Prosecutor Paul Abrahams told Teesside Crown Court that if the incident had taken place in a rugby club after the victim had drank 10 pints it might have been dismissed as horseplay.
But in McKenzie's case it amounted to cruelty. The charge McKenzie faces states: "You wilfully ill-treated the child, namely by breaking wind in his face, in a manner likely to cause him unnecessary suffering or injury to health.
The charge was brought contrary to section 1(1) of the Children and Young Persons Act 1933.
The boy, who is under 16, told police: ‘He pumped. He was right next to me and bending down, he was wearing shorts, his shorts were right next to my face.
‘I said “why did you do that?” and he said he did it because he wanted to be nasty.’
He added that he had witnessed McKenzie trump in front of another child’s face, this time pulling his pants down and breaking wind ‘right on their face
McKenzie told police that he had broken wind in front of the boy’s face while walking up some stairs and while the child’s face was near his backside.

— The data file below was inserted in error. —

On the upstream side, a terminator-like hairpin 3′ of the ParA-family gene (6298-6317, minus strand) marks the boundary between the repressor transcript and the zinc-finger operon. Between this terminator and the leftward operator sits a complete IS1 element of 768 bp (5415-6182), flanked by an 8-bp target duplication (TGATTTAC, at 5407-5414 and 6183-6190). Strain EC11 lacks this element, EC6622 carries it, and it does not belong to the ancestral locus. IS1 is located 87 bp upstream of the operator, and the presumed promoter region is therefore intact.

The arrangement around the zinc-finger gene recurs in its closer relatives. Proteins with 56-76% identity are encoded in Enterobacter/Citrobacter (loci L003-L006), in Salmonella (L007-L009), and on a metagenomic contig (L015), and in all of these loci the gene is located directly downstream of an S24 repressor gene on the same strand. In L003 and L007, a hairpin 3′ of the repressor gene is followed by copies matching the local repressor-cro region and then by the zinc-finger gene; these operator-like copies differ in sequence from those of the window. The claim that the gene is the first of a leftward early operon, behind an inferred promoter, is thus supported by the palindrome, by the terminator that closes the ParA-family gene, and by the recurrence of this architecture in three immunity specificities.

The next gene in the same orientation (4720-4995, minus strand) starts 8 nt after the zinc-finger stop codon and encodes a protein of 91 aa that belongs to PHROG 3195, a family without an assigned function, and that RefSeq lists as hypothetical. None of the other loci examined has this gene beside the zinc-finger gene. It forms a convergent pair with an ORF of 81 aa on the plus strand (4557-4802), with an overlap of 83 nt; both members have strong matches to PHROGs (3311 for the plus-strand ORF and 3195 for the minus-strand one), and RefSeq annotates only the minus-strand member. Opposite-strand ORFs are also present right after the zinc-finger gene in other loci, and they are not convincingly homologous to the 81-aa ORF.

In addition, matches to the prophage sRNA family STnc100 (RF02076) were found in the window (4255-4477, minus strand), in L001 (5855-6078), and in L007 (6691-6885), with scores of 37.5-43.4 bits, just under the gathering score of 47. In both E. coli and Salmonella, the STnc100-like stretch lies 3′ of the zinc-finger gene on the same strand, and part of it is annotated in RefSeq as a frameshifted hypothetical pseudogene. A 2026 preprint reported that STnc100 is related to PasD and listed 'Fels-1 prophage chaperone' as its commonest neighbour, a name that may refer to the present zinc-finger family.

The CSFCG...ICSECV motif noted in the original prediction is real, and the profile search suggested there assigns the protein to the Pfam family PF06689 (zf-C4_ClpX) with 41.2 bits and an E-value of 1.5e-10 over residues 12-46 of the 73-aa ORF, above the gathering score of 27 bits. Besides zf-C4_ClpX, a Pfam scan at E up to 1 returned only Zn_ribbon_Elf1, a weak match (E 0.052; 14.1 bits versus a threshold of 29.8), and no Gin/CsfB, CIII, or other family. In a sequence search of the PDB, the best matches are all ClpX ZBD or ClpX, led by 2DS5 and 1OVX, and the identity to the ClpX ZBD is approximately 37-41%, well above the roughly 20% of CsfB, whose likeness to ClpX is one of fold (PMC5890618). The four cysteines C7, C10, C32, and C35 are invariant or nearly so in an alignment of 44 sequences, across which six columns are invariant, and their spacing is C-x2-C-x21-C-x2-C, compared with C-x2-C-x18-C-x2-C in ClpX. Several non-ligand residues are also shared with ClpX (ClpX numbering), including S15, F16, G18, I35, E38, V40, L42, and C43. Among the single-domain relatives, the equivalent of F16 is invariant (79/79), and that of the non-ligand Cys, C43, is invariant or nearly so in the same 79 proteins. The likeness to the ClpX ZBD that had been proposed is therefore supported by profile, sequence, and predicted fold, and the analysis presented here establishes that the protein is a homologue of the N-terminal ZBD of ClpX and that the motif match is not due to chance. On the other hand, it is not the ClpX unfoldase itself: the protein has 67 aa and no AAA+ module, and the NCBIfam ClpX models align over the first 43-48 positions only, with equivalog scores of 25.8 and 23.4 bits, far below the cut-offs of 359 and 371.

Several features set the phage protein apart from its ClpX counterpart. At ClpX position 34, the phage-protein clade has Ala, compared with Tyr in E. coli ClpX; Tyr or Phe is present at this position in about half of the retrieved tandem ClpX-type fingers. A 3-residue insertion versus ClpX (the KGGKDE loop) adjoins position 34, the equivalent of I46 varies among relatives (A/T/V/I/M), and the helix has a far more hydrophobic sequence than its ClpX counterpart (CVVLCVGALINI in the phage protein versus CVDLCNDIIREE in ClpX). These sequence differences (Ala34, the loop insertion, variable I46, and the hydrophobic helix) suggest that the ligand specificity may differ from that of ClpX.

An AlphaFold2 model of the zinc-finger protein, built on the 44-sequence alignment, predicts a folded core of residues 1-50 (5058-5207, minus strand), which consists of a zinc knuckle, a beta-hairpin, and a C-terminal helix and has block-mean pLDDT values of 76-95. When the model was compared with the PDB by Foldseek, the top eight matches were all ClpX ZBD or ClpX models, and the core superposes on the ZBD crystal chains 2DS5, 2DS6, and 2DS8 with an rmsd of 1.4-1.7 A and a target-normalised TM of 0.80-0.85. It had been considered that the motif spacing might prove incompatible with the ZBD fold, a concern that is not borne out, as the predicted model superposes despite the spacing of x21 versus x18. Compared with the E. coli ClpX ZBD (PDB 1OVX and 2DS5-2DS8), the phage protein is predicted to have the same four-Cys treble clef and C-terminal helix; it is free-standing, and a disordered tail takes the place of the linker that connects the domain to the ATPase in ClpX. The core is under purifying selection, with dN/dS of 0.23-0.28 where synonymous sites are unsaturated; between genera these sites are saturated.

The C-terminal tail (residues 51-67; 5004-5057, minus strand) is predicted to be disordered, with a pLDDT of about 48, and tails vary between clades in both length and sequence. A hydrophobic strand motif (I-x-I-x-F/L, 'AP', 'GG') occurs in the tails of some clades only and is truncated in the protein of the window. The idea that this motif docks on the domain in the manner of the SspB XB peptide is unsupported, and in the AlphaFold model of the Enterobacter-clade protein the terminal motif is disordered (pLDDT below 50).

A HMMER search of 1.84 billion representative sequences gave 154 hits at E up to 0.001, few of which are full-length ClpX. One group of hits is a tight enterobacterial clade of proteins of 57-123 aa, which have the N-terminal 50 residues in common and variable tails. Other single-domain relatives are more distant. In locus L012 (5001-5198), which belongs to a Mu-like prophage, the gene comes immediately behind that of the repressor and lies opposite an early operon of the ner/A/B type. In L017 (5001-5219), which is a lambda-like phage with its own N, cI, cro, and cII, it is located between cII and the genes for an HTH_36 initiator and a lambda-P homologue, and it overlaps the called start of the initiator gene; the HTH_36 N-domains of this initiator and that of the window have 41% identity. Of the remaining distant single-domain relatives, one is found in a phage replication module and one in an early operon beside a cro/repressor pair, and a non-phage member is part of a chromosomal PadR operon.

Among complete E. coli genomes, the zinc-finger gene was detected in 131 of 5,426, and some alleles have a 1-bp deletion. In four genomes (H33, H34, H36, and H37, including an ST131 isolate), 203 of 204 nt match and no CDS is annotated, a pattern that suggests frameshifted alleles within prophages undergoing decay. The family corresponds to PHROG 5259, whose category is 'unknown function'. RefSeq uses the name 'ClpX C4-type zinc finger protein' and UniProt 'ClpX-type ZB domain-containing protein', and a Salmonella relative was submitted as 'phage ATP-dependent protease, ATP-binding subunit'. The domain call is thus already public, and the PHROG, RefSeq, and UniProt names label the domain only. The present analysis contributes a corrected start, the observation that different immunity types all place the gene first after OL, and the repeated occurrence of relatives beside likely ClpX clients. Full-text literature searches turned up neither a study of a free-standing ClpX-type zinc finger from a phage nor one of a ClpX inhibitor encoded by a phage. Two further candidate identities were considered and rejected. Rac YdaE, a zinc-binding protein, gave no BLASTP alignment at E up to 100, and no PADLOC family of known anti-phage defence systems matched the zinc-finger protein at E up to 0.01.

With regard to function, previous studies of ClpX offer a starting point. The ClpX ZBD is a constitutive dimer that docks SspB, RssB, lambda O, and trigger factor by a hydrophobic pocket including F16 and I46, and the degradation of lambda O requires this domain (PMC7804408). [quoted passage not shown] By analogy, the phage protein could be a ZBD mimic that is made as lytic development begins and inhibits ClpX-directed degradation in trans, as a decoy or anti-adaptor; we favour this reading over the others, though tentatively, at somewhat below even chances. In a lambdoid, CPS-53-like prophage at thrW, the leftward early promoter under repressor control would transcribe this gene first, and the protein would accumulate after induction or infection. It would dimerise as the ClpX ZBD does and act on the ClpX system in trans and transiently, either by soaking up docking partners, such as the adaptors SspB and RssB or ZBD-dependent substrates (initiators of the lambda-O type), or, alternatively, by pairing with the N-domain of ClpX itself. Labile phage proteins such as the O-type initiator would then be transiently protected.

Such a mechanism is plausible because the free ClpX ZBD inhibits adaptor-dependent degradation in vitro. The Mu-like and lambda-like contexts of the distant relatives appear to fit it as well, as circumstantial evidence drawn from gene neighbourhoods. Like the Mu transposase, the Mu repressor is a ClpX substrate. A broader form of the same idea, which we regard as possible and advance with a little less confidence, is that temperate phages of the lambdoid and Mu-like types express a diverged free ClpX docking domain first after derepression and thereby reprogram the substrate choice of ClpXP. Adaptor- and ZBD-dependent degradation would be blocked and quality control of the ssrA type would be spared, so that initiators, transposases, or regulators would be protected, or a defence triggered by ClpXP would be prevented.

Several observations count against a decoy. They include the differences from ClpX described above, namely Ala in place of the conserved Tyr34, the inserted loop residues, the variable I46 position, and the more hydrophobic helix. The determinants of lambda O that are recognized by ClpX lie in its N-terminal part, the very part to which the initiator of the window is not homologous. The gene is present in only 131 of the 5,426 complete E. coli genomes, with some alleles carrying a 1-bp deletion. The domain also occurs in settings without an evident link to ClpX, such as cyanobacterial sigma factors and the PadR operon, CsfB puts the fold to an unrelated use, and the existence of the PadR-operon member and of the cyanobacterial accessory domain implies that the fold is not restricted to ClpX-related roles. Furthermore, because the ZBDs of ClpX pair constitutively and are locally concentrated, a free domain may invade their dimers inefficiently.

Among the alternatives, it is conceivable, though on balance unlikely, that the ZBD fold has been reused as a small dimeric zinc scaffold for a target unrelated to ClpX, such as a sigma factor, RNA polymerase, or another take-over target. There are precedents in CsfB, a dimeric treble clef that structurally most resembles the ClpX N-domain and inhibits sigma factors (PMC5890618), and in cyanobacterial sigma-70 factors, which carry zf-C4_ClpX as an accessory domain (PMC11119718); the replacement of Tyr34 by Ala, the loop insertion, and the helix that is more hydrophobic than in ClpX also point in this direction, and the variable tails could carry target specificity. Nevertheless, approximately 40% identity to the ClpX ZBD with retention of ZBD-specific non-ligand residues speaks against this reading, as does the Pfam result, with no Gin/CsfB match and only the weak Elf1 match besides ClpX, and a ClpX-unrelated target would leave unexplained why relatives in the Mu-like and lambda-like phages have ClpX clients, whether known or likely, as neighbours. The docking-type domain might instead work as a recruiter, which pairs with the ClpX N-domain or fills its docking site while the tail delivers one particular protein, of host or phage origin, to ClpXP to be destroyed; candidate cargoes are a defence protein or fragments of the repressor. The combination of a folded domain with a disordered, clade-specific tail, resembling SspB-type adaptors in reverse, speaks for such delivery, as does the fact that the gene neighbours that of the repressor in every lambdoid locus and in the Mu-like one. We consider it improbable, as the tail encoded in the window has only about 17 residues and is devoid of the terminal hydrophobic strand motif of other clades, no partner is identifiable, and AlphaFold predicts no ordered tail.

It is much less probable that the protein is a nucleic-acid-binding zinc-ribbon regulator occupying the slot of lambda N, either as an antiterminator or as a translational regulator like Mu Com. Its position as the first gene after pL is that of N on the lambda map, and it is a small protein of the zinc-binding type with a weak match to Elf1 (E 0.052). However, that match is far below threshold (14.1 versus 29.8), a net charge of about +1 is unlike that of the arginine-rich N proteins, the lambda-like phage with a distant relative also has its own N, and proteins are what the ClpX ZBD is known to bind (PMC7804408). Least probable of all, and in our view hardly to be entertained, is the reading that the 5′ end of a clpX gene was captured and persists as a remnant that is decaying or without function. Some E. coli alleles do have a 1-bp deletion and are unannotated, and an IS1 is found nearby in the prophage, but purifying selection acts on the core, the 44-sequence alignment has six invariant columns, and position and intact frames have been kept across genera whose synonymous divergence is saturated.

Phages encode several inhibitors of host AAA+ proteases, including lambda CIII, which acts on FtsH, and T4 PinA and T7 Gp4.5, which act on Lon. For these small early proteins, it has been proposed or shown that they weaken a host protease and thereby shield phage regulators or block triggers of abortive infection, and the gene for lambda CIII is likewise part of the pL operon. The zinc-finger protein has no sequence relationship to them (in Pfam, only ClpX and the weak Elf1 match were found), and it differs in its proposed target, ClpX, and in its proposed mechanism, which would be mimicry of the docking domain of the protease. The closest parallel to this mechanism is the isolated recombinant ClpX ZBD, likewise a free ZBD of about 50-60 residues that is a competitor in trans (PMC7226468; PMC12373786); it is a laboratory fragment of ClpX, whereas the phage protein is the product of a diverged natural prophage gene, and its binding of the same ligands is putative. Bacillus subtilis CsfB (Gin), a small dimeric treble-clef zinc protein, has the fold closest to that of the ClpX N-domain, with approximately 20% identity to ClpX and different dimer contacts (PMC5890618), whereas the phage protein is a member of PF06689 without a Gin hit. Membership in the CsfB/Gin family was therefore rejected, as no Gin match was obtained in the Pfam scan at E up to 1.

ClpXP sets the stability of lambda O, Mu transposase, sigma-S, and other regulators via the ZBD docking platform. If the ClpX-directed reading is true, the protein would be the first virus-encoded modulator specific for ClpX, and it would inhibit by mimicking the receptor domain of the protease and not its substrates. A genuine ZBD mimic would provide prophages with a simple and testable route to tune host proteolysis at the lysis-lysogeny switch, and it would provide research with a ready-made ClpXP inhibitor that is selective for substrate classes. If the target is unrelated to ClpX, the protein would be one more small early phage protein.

He’s also facing charges that he held a pillow on a child’s face – he says he was playing – and that he punched a boy on the arm and sucked his eye causing a red ring and a bruise – again while playing.
Mr Abrahams added: ‘He said this had been funny but denied the incident described.
‘Of the incident involving the pillow he said he was just playing. We say this was a cruel act and that he was not just playing.’
McKenzie denies the allegations and the trial continues. Read More : http://giftadenenews.com/